A washer not filling with water is a common problem many a user has experienced at some point. There are many causes for this frustrating problem, and I’ll cover them all here. Hopefully, you will be able to diagnose the issue and be able to fix it quickly, so you can get back to doing your laundry.
While no one really enjoys the chore, doing laundry is a necessary evil, and your washing machine needs to be up to the task. If you have discovered that your washer is not filling with water all the way or at all, keep reading to diagnose the issue and fix it ASAP.
- 8 Reasons Your Washer Is Not Filling With Water
- The washing Machine does Not Fill Up All The Way
- Brand New Washing Machine Not Filling With Water
- Water Fill on Front Load Vs Top Load Washer
- Verdict: Washer Water Not Filling
8 Reasons Your Washer Is Not Filling With Water
As I touched on in my introduction, there are several reasons your washer is not filling with water. Some of these causes are easy to fix, while others may require help from a trained repair technician. Let’s get to it, shall we?
1. Make Sure Faucets are Connected Properly
Your washing machine is connected to two faucets (hot and cold) via hoses. The hoses attach to the faucets and the back of your washing machine using thumb screw connectors. Check they are connected and that the water valve is open.
If your washer isn’t filling properly, the first thing you should do is check that these hoses are connected tightly at both ends and that the faucets they are connected to are turned on all the way. Sometimes, the fix for a washing machine that won’t fill is as simple as turning on the water.
2. Inlet Hose Not Connected or Kinked
If you are sure the water is turned on all the way, check that the hoses carrying the water are connected tightly at each end and are not kinked. Kinks or bends in these flexible hoses can slow or stop the flow of water into your machine. If you notice any kinks in the hoses, try straightening them out or replacing the hoses completely to restore water flow.
3. Clogged Inlet Screen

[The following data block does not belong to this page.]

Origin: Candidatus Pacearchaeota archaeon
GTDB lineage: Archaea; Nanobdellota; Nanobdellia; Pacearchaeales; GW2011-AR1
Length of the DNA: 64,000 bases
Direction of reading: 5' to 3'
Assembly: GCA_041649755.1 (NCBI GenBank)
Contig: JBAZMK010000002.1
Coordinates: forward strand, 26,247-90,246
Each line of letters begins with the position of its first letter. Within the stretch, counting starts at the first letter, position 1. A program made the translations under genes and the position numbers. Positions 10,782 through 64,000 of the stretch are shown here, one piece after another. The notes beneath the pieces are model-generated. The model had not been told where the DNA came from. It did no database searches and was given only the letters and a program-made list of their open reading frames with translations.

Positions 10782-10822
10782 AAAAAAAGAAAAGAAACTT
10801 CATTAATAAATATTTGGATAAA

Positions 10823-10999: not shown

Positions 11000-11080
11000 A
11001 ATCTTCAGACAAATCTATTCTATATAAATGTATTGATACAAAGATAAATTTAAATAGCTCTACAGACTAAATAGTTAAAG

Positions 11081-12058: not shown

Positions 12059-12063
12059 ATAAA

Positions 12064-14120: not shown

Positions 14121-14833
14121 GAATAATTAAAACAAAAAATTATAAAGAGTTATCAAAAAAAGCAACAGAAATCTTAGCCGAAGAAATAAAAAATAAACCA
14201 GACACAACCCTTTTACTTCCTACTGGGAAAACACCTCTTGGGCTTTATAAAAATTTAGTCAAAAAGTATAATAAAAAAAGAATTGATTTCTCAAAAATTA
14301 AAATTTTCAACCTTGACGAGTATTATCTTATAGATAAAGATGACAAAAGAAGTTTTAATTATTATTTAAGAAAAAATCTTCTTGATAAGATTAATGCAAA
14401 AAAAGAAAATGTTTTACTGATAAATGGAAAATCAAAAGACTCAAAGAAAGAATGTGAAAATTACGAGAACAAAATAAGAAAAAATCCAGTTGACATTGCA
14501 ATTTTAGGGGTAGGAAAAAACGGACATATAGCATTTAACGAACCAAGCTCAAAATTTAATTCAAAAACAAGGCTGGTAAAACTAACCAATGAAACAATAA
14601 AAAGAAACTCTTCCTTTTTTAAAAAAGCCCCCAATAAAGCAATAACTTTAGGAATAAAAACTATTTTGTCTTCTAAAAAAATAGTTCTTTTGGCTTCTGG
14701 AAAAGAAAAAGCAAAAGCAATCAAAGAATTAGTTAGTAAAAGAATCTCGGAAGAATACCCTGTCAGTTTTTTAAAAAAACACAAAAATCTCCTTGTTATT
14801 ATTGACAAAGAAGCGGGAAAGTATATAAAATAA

Probably the most common reason a washer doesn’t fill properly is a clogged inlet screen. The inlet screens are located on the back of the machine where the hoses connect. They keep debris from entering the machine, which means they can become clogged from time to time.
To fix this issue, turn off the water supply to the machine, detach the hoses from the back of the appliance, and clean the filters/screens you see there. Once you have removed the gunk that has built up there, reattach the hoses and turn the water back on. Hopefully, this restores water flow to your washer. If the screen appears damaged or corroded then you can pick up a replacement set for around $6 here on Amazon.com.
4. Faulty Water Inlet Valve
The water inlet valve tells your washer when to stop and start filling. If this valve fails, your machine may not fill with water. If you suspect this is the reason your washer is not filling properly, test the valve for continuity. If there is none, the valve will need to be replaced by a professional repair tech.
How To Test a Water Inlet Valve
You will need a multimeter to check that the solenoids that open and close the water inlet valve have continuity. If you find no continuity with this test, the water inlet valve will need to be replaced. If there is power at the solenoids, there could be continuity loss somewhere else along the electrical path, and a repair person will be able to diagnose and repair the issue.
5. Faulty Lid Switch Assembly
Most newer washing machines have safety switches on their lids that tell the machine to cease operation if the lid is open. Sometimes, this lid switch can get stuck in the “open” position, making the machine think the lid is open all the time. This will cause the washer to not fill or operate at all in most cases, but luckily, this is an easy fix for a trained professional. In fact, if you follow the instructions in the video below, it is a fairly easy job for a competent DIY enthusiast. You can pick up replacement lid switch assemblies for most washer models online here for around $10.
6. Faulty Water Temperature Switch
If your washing machine has controls that allow you to change the temperature of the water flowing into the machine, this water temperature switch may have failed. If the washer is not receiving signals to fill with hot or cold water, it won’t be able to fill at all.
You can test the water temperature switch using a multimeter. Consult the wiring schematic for your machine to locate the terminals that power the water temperature switch. If there is no continuity, you know the switch is bad and needs to be replaced.
7. Faulty Water Level Switch